hort.net Seasonal photo, (c) 2006 Christopher P. Lindsey, All Rights Reserved: do not copy
articles | gallery of plants | blog | tech blog | plant profiles | patents | mailing lists | top stories | links | shorturl service | tom clothier's archive0
 Navigation
Articles
Gallery of Plants
Blog
Tech Blog
Plant Profiles
Patents
Mailing Lists
    FAQ
    Netiquette
    Search ALL lists
    Search help
    Subscription info
Top Stories
Links
sHORTurl service
Tom Clothier's Archive
 Top Stories
Disease could hit Britain's trees hard

Ten of the best snowdrop cultivars

Plant protein database helps identify plant gene functions

Dendroclimatologists record history through trees

Potato beetle could be thwarted through gene manipulation

Hawaii expands coffee farm quarantine

Study explains flower petal loss

Unauthorized use of a plant doesn't invalidate it's patent

RSS story archive

Re: Apology


Rich,

No apology needed, it was my failure to use quotation marks.  I share your
flippant humor, and I deserved this one.  These highly decomposed remains of
coastal Spartina marshes called "organic peats" from the eastern regions of
the US are almost "inorganic peats."  They are OK as soil additives, but are
much too heavy for artificial mixes to be used in containers.

For those of you that like to have the basis for my statements, here is the
theory behind water in artificial  growing media.  When you add water to any
soil, gravity pulls the water down until it reaches the water table or the
bottom of a container.  A small amount of water remains bound to the soil
particles by surface tension.  In soils in the ground, how long the water
remains near the surface is directly related to the soil porosity (often
called "the perk" of the soil.  Clays soils drain slower than sandy soils).
In containers, some of the water drains out of the holes in the bottom, but
because of surface tension, much remains in the container.  This means that
there is a standing level of water in the container after watering (sort of
a mini water table).  This is because gravity can not pull on the
interrupted column of water.  The problem can be alleviated by two things.
One is use a deeper container that has more soil that is free of the water
(it is above the standing level).  The other is use a very porous soil that
lowers the standing level of water in the container (less surface tension to
hold the water up).  Also, porous media loose more water to evaporation.  In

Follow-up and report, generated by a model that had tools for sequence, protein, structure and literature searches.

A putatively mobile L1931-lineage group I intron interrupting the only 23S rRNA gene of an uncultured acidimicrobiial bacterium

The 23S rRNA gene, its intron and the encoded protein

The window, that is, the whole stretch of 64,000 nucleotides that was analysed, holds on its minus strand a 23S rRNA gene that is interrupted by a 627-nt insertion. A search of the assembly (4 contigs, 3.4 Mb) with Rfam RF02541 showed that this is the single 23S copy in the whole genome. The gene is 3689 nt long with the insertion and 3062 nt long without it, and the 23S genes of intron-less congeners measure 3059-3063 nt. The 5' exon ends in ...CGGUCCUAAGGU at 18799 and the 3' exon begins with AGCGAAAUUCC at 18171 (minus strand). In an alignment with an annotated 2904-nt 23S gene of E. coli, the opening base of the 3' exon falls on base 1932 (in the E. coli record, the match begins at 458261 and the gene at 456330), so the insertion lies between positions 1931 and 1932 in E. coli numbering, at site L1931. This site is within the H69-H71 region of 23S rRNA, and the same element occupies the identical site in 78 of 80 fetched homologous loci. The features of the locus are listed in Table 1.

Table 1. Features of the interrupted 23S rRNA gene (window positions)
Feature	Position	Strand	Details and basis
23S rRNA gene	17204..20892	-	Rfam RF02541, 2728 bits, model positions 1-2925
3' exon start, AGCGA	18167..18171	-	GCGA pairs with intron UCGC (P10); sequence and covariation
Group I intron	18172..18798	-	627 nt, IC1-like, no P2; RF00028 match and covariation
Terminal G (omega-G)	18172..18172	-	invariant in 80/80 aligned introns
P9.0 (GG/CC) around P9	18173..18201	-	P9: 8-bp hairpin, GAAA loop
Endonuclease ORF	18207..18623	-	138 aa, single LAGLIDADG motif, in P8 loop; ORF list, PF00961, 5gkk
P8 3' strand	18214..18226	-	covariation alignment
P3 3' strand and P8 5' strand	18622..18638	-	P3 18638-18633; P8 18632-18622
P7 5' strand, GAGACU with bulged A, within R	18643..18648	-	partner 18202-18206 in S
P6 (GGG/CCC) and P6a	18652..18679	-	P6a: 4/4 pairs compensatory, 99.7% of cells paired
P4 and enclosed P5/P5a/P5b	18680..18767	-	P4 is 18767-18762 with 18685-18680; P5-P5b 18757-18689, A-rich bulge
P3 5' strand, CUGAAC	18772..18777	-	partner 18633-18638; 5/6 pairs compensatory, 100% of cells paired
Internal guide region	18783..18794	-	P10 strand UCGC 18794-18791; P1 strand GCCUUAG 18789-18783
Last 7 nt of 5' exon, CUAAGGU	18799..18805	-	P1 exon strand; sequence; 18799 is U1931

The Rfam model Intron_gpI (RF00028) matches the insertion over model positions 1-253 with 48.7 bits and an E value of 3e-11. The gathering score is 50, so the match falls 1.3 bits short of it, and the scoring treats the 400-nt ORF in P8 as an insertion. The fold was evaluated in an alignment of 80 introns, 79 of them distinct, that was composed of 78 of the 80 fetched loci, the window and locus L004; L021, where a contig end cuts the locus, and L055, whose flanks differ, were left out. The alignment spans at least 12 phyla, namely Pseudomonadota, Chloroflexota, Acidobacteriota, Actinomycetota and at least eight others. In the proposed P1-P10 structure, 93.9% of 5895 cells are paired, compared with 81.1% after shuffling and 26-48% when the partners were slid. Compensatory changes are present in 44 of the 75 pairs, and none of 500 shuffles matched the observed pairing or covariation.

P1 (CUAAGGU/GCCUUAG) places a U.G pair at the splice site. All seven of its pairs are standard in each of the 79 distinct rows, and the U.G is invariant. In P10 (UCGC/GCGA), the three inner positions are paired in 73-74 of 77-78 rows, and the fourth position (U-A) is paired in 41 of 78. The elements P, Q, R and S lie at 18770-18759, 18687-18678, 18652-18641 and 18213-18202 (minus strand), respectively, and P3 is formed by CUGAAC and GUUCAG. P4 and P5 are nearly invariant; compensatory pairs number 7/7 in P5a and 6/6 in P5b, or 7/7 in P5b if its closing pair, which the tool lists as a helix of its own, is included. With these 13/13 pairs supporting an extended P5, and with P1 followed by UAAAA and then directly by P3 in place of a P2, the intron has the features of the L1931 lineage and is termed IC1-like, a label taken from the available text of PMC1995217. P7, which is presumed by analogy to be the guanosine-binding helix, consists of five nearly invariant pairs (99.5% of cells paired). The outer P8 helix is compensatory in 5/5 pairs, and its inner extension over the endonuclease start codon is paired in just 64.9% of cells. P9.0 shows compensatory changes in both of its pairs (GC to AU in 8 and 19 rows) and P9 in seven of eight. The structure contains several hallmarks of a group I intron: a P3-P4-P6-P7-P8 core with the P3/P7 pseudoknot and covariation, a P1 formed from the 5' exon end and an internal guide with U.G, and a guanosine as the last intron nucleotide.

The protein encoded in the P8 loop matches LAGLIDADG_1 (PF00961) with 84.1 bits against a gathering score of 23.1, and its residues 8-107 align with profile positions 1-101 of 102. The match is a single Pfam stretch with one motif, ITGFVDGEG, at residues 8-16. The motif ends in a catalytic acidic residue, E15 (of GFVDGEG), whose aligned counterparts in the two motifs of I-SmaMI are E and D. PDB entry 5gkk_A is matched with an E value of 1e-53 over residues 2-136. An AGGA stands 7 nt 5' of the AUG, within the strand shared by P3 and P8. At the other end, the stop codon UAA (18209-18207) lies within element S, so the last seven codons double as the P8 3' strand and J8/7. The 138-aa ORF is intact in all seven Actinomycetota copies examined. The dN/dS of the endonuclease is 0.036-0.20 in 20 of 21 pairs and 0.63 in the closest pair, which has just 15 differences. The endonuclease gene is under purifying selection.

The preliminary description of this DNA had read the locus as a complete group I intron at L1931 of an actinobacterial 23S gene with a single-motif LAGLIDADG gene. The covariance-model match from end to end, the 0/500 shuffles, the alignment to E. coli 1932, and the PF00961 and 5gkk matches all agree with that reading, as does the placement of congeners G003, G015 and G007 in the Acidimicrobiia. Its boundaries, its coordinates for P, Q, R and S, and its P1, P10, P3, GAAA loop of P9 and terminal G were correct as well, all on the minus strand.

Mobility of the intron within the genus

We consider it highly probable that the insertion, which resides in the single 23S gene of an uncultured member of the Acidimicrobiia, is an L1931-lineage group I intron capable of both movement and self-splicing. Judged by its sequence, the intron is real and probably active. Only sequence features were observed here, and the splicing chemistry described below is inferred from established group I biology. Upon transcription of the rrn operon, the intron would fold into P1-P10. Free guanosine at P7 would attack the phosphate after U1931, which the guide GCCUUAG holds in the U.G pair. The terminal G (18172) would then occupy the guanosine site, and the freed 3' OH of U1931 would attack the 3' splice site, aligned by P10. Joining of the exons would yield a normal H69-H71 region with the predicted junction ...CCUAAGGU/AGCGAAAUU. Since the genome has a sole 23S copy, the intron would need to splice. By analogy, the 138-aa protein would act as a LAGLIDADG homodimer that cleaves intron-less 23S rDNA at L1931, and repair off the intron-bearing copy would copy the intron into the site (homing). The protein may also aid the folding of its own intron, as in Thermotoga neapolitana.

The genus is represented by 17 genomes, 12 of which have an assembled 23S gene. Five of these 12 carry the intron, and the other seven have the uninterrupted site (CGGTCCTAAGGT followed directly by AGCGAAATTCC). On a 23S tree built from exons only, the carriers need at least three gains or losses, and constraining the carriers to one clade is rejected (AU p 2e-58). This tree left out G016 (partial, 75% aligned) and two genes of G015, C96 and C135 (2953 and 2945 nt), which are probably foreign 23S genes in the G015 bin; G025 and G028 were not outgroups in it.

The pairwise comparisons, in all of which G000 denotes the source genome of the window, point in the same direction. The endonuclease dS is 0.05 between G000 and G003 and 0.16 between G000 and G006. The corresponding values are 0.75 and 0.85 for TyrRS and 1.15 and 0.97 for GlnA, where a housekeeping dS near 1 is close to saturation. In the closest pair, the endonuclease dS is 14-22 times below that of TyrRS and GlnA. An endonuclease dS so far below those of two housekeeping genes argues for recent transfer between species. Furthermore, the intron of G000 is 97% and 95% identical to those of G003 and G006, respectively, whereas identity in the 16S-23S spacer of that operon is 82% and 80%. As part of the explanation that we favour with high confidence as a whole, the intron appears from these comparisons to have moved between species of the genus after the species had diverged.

shallow containers such as seed trays, the standing level of water can be
just below the surface or at the surface of the soil.  This is not good for
your seedlings.  Your only choices is to use a very porous mixture with a
fairly large particle size.  This keeps the standing water level away from
the surface where your seedlings are.  One reason we use shagnum peats in
media is that they are porous, but also can hold water above the standing
level.

OK Rich, do you now feel punished for your comment?

Jim Anderson


----- Original Message -----
From: <HoroRL@aol.com>
To: <hosta-open@mallorn.com>
Cc: <jmanise@WinterberryFarms.com>
Sent: Wednesday, January 05, 2000 10:15 AM
Subject: Apology


> Good morning:
>
> Yesterday, Jim Anderson, Winterberry Farms, posted us on soiless seed
> starting mixes.  He recommended not using "organic peats."
>
> I  asked Jim: "are there inorganic peats?"  I want to openly and sincerely
> apologize to Jim for my 'George Carlin' sense of poor humor.  My glib
> question was unwarranted and senseless.
>
> Hostally,
>
> Rich Horowitz
> Stoughton MA
>
>
> ---------------------------------------------------------------------
> To sign-off this list, send email to majordomo@mallorn.com with the
> message text UNSUBSCRIBE HOSTA-OPEN
>

---------------------------------------------------------------------
To sign-off this list, send email to majordomo@mallorn.com with the
message text UNSUBSCRIBE HOSTA-OPEN


  • References:



 © 1995-2015 Mallorn Computing, Inc.All Rights Reserved.
Our Privacy Statement
Other Mailing lists | Author Index | Date Index | Subject Index | Thread Index